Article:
The Plymouth Barracuda is one of the most sort after American Classic autos. It started out as as a 'pony car', the all American sports compact car. A car that was all about fun and good times. It beat that other well loved 'pony car', the classic mustang, into the showrooms by just 2 weeks but never matched the sales of that car. When you look at the evolution of these cars it started very much as a light, small and agile sports saloon but over the decade the mood would change to a heavy, large and powerful muscle car. There have so far been three distinct phases of the Barracuda with many more rumors about its return. Here are the basics of those three phases.
1964-1966 Plymouth Barracuda
The Plymouth Barracuda started out life in 1964 as a 2-door fastback coupe that was based on the Plymouth Valiant chassis, A-body, with a unique wrap around glass fastback giving a sleek sporty look with excellent internal viability. Whilst this model did not justify the label of that fierce predator the Barracuda fish for future generations it certainly would be a very fitting name.
The power train started with a very modest 170 ci 101bhp slant 6 engine with an option to a 225 ci 145 bhp version. Top of the range engine was a new 273 ci V-8 fitted with a twin barrel card giving a respectable 180 bhp. Whilst these engines were sufficient for a sporty little pony car there was much more to come in the muscle bound future models.
1967-1969 Plymouth Barracuda
The second version of the Plymouth Barracuda was a major re-design to take it away from its Valiant routes to a new longer sleek design. In fact it still was based on the Valiant but with all new panels to give three body shape variants, fastback, notchback and convertible to match the Mustang variants. Apart from being longer the styling had many more curves and with flowing lines, open wheel arches a distinctive front and rear.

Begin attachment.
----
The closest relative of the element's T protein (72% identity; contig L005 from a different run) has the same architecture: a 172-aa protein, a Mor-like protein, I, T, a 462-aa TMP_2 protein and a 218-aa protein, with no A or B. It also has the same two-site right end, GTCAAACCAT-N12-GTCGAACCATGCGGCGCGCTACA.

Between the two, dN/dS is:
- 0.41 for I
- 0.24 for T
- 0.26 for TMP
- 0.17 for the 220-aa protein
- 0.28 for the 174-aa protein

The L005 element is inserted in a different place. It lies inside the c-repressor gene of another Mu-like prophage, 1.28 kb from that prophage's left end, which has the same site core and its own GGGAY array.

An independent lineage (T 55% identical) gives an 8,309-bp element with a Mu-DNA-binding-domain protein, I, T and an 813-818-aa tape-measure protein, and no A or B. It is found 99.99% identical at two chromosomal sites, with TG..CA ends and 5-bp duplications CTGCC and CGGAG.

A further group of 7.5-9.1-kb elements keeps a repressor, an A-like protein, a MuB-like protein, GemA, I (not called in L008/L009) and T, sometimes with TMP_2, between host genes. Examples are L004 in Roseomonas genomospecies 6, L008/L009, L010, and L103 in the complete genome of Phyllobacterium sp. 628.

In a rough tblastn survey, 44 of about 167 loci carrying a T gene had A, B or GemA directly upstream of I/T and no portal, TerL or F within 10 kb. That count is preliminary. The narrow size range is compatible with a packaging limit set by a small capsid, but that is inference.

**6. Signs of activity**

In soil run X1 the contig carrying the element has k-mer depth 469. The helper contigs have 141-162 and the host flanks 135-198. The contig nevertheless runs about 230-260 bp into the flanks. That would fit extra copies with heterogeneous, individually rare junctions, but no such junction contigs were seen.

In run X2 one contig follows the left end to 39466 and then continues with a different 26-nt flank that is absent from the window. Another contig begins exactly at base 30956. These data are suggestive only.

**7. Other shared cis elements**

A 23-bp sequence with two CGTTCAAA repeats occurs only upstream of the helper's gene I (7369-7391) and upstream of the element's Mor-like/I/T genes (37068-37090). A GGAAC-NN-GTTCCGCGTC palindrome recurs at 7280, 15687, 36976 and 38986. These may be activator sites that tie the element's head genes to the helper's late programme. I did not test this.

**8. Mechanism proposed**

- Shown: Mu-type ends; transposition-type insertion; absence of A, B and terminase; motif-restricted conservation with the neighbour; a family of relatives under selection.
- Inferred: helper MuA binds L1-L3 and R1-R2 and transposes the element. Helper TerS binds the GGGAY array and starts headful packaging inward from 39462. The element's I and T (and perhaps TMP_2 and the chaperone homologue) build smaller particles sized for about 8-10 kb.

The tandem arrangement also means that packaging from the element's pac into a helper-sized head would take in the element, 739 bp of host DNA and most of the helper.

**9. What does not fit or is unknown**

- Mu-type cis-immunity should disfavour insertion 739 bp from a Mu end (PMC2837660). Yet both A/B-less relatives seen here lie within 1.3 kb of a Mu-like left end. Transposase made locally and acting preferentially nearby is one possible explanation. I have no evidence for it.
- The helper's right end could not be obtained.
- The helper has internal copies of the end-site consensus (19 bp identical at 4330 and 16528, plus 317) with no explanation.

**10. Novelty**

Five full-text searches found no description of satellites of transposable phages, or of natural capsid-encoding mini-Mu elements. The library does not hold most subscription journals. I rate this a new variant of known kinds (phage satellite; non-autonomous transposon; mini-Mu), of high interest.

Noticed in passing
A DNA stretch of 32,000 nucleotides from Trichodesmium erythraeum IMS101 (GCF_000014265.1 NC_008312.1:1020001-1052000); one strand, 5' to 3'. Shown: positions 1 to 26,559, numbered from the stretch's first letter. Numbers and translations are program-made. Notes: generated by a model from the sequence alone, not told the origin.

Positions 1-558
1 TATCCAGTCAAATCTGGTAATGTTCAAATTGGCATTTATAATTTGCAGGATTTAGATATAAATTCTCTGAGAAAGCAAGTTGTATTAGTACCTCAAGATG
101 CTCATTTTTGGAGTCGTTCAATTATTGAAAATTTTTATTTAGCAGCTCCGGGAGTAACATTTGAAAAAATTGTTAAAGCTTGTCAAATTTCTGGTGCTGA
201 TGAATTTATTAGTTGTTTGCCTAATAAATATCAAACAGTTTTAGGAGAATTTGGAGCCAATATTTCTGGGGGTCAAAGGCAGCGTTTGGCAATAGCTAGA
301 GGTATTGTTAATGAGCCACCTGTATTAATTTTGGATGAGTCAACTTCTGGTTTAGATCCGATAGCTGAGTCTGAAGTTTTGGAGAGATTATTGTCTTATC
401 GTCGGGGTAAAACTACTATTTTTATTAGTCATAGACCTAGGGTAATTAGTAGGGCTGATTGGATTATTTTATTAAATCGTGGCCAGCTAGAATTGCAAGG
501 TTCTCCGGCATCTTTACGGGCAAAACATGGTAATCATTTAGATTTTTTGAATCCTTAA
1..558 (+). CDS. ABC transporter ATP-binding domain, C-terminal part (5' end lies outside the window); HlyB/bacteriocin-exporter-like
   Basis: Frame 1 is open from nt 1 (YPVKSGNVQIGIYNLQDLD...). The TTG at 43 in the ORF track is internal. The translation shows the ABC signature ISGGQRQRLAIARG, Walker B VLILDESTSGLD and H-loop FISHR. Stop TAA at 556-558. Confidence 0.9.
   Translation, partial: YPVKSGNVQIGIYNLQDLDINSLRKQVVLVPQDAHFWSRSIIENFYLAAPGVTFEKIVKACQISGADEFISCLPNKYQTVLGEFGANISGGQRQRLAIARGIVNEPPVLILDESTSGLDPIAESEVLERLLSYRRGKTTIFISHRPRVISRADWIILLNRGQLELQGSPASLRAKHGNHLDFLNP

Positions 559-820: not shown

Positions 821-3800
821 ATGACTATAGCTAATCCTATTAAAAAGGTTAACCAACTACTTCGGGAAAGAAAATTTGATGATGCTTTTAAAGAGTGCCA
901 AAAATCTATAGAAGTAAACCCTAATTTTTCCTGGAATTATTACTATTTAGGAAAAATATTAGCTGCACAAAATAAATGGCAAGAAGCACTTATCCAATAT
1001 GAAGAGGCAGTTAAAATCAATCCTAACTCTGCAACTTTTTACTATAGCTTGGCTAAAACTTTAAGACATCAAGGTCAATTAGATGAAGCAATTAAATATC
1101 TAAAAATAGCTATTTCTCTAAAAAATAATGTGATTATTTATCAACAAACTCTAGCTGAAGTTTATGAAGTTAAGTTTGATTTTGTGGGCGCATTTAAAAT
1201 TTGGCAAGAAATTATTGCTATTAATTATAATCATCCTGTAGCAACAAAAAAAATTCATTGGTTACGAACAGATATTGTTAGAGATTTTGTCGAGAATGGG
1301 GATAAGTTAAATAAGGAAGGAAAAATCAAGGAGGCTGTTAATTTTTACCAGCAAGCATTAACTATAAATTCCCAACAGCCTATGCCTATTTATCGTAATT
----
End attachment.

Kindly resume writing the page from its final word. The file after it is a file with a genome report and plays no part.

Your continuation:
The base engine for 1967 was the 225 ci slant 6 145 bhp with the V-8 option 273 ci. There was also a glimpse of the future with the option of a big block 383 ci developing 280 bhp. 1968 brought a two new V-8's the 318 ci and the 340 ci whilst the 383 plant was upgraded in output to 300 and then 330 bhp. 1968 saw the introduction of the performance option called 'Formula S'. These were available with 4-speed manual transmission, dual exhausts, beefed up suspension and wider tires. The performance option of 1969 became the 'Cuda'. This was based on the 'Formula S' but with the engine variants of 340 ci, 383 ci and new 440 V-8 Super Commando. This real deal 'Cuda 440' engine produced to 390 bhp as standard but brakes and handling were yet to catch up with straight line performance. As drag racing was proving popular that was not top of the agenda.
1970-1974 Plymouth Barracuda
The third generation Barracuda hit the streets in 1969 with just 2 different bodies, the coupe and convertible. The original fastback was not continued. This all new 'E' body was a complete change from the valiant predecessors and was shorter and wider than the 'B body'. It shared this new platform with the Dodge Challenger but whilst there are similarities the Dodge had completely different panel work. Best of all the new chassis was big enough to take the big block 'hemi' engines and the top of the range sports version was now known and badged as the 'Hemi Cuda'.
Externally the addition of side fender gills really started to match the namesake barracuda fish and with teeth to match.
The other signs are the now fully functional shaker hood, beefed up chassis, rear axle and brakes all added to awesome package that lasted until 1971 before being discontinued. Only about 750 Hemi 'Cuda's' were built making this very rare yet desirable motor that has enthusiasts and investors paying great sums of money for.